Milwaukee County Labor Council AFL-CIO

July 29, 2014

In The News

Obama charges up Laborfest with new ideas and the need to fight on

By Dominique Paul Noth
Editor, Labor Press

The huge and largely supportive crowd at Laborfest was primed for the president of the United States to lay out his vision, defend his successes, rebut the fallacies that had invaded their TV sets and wield his wry humor and lance-sharp examples of why the “party of no” needed to be laid waste Nov. 2.

From every corner around Miller Stage -- where at least 10,000 listeners had gathered on bleaches, behind barricades, peeking out from concession stands, listening from picnic tables and leaning against metal fencing, the crowd erupted in cheer after cheer. And it was only partly in thanks that a surprise rainy morning that had threatened Labofest’s setup and dotted its parade cleared remarkably when Air Force One flew over the grounds shortly before 2 p.m. bringing the president to familiar Wisconsin territory – only just down I-94 from his hometown of Chicago as he noted.

It was his third visit to the state in two months and his second to Laborfest, where he gave a notable campaign speech in 2008 on his run for the White House.

Images of Obama at Laborfest's Miller Stage Sept. 6: greeting the crowd behind him, talking tough in a detailed speech, shaking hands afterward with supporters.

Now Barack Obama was being asked to inspire and reassure. “Why can’t his message get through today?” many in the crowd had asked, even though they knew the force of the money and lobbying interests against him and how it is always the politicians in office that are blamed in our short-sighted fashion for economic problems that have been decades in the making.

And Obama delivered, certainly in vision and common sense explanation that deserved to be heard above the media cacophony. Though it remains to be seen if the vision will be heard.

This time, he did not try to mix creating jobs with deficit reduction, a rhetorical device which in the past seemed to dilute his message. He talked about those efforts separately and wondered aloud why he was dismissed by Republicans even when he promoted ideas they once championed.

“They talk about me like a dog,” he inserted into his speech, one of his most personal candid moments, which brought a growl of recognition from the crowd about what could really lay behind that attitude. He has clearly been in a constant fight against a stream of hostility and negativism – even while his presidency has made landmark strides in attacking the deficit, controlling runaway military expenditures, curbing Wall Street, rescuing an abandoned auto industry and spreading health care in ways that the may not bear full fruit to the public by November, something the Republicans have been counting on with their delaying tactics.

“Even on things we usually agree on, they say no,” Obama recounted to growing laugher and applause. “If I said the sky was blue, they say no. If I said fish live in the sea, they’d say no. They just think it’s better to score political points before an election than to solve problems. So they said no to help for small businesses, even when the small businesses said we desperately need this. This used to be their key constituency. They said no. No to middle-class tax cuts. They say they’re for tax cuts; I say, okay, let’s give tax cuts to the middle class. No.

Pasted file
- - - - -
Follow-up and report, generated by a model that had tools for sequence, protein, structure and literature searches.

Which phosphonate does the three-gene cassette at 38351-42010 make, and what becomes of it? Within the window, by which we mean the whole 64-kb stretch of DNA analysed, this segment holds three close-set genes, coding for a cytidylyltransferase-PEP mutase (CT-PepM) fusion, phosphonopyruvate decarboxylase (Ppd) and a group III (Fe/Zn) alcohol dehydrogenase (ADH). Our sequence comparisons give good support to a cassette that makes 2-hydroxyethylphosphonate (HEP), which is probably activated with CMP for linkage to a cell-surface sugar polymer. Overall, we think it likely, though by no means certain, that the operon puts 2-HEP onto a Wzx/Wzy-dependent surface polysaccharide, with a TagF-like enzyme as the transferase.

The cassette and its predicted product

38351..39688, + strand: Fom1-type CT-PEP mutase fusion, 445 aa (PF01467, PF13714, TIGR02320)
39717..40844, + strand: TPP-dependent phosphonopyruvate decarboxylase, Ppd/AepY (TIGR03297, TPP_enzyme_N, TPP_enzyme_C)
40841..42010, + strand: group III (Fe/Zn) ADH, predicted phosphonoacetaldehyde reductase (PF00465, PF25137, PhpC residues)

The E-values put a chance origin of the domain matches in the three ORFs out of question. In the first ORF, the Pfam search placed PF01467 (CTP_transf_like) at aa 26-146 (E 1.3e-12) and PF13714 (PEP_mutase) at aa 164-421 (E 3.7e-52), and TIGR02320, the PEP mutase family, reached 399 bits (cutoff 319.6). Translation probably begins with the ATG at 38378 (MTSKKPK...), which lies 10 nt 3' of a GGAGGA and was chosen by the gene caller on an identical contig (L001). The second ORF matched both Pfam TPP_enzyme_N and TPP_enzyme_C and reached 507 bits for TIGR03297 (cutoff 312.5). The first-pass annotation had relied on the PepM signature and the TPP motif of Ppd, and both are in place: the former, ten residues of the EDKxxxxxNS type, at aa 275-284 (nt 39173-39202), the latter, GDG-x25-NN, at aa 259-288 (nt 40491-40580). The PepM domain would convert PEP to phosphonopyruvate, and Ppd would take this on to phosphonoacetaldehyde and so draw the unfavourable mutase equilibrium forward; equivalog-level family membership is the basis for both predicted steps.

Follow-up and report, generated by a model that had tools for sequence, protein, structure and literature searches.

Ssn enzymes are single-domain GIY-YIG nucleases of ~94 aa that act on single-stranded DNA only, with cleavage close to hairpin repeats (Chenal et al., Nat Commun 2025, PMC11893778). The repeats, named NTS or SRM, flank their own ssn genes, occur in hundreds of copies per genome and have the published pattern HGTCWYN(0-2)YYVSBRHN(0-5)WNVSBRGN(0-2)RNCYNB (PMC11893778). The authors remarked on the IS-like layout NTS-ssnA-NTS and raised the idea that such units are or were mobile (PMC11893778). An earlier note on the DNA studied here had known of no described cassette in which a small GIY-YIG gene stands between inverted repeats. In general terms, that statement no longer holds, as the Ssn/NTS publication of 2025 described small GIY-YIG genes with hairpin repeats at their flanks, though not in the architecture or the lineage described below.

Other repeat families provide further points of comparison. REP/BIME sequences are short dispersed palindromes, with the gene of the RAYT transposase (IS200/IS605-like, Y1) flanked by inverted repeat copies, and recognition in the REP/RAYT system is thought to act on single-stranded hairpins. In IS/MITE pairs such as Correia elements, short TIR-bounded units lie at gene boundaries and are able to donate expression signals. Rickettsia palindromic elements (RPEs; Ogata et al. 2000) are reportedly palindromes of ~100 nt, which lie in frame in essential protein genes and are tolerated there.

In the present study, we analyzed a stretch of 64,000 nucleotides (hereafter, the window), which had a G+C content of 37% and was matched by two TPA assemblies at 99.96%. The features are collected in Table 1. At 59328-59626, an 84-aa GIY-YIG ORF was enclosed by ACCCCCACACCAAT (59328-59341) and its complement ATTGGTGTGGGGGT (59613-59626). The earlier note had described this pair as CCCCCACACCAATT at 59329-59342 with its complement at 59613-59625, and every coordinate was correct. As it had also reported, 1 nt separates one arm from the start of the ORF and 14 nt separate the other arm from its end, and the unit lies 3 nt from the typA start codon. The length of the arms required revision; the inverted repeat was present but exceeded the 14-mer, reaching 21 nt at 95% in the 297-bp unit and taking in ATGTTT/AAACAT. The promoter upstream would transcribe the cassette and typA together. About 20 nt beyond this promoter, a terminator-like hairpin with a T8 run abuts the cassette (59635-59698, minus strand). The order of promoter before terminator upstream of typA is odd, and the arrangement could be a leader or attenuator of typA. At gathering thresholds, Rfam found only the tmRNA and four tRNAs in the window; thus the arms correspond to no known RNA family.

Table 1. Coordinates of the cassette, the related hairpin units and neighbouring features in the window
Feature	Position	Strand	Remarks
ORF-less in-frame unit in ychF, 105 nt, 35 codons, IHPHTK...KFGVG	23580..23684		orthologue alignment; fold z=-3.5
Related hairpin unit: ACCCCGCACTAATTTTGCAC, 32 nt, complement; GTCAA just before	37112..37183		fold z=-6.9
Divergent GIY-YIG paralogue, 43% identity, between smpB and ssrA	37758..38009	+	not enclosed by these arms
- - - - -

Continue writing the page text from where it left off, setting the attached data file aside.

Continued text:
“No to clean energy jobs. No to making college more affordable. No to reforming Wall Street. They’re saying right now, no to cutting more taxes for small business owners and helping them get financing.

“You know, I heard -- somebody out here was yelling ‘Yes we can.’ Remember that was our slogan? Their slogan is ‘No we can’t.’ No, no, no, no.

“I mean, I personally think ‘Yes we can’ is more inspiring. To steal a line from our old friend Ted Kennedy: What is it about working men and women that they find so offensive?”

His skewers didn’t stop there even as he announced a new six-year program that, in a different era would gain bipartisan support – a way to use investment banking, not the federal deficit, to modernize the nation’s crumbling infrastructure. The plan would rebuild 150,000 miles of roads, lay and maintain 4,000 miles of railways, restore 150 miles of runways and galvanize a “next-generation air-traffic control system to reduce travel time and delays for American travelers.” Did anyone notice that is a lot of jobs along the way?

“That’s not a Republican or a Democratic idea,” Obama pointed out. But he is certainly conscious of the realities of their “no” even to good ideas. It’s a reality, Obama was saying, that will force the American people to take a stand at the polls Nov. 2. He scoffed at the Republican ideas of driving in reverse, drawing chuckles with his extended comparison of their philosophy to putting the car in the ditch and then asking for the keys.

“Now, anybody who thinks that we can move this economy forward with just a few folks at the top doing well, hoping that it’s going to trickle down to working people who are running faster and faster just to keep up, you’ll never see it.